PHOTO: Pipers Brook Vineyard Media
Lynsey Grosfield
January 18, 2016

In the dead of winter, it’s sometimes a little hard to muster the courage to even think about going out and working in the garden. These months when trees and shrubs go dormant, however, are an optimal time for pruning and maintenance of a number of trees and shrubs.

When leaves have dropped on deciduous plants, it’s much easier to see their branching structure and make decisions to benefit the long-term health and growth habit of the plant. Additionally, most pathogens are as dormant as the trees themselves, so winter pruning brings a much lower risk of damage to vulnerable tissues.

Start by removing dead or damaged limbs, as these are reservoirs for pests and disease. Next, look for crossing or crowded branches and unwanted water sprouts (unwelcome rapid branch growth from the trunk). Trees and shrubs, especially those that fruit, fare best when they can “breathe,” so keep the interior of the branching structure ventilated and spacious.

Pruning equipment should be kept clean between cuts by wiping it with a diluted bleach solution to prevent the transmission of pathogens.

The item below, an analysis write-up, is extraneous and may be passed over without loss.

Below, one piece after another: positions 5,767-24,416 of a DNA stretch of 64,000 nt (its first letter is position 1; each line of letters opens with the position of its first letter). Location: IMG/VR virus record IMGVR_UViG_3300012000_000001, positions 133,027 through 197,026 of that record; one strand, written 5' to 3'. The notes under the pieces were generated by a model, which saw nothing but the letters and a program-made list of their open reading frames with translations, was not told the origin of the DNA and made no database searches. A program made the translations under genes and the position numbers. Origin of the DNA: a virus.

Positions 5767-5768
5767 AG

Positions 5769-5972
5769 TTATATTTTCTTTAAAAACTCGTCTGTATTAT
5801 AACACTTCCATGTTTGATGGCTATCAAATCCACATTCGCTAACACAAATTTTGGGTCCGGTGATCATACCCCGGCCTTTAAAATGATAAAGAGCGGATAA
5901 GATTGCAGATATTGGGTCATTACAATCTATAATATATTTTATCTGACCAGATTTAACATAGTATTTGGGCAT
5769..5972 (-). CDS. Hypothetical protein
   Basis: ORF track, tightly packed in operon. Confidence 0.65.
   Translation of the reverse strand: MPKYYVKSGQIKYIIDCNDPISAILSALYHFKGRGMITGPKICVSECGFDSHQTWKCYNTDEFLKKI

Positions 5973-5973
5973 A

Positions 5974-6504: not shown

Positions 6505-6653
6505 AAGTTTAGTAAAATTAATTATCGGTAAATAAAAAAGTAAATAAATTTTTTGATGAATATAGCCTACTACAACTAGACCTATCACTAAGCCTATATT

Exceptions to the winter pruning recommendation are spring flowering shrubs, like lilac and forsythia, because winter pruning would remove their potential blossoms. Also avoid pruning conifers, like pines, in the winter because they grow from the ends of their branches. Prune all of these plants in late-spring instead. Otherwise, winter pruning generally provokes vigorous spring growth.

Pruning Tips:

  • Shrubs like blueberries, currants and gooseberries fruit on wood that is 3 years old or younger, so to keep them productive, prune out the old growth.
  • Deciduous fruiting trees, like apples, will bear fruit more heavily with winter pruning, as individual branches are given better light exposure with some thinning of the canopy.
  • Summer-blooming flowering shrubs, like butterfly bushes and repeat-flowering roses, can be provoked to produce more blossoms if pruned almost to the ground in late winter.
  • Cane berries, like raspberries, and vines, like grapes, produce fruit on 2-year-old wood. The branches that produced fruit last year will not be productive again, so remove them in Winter.



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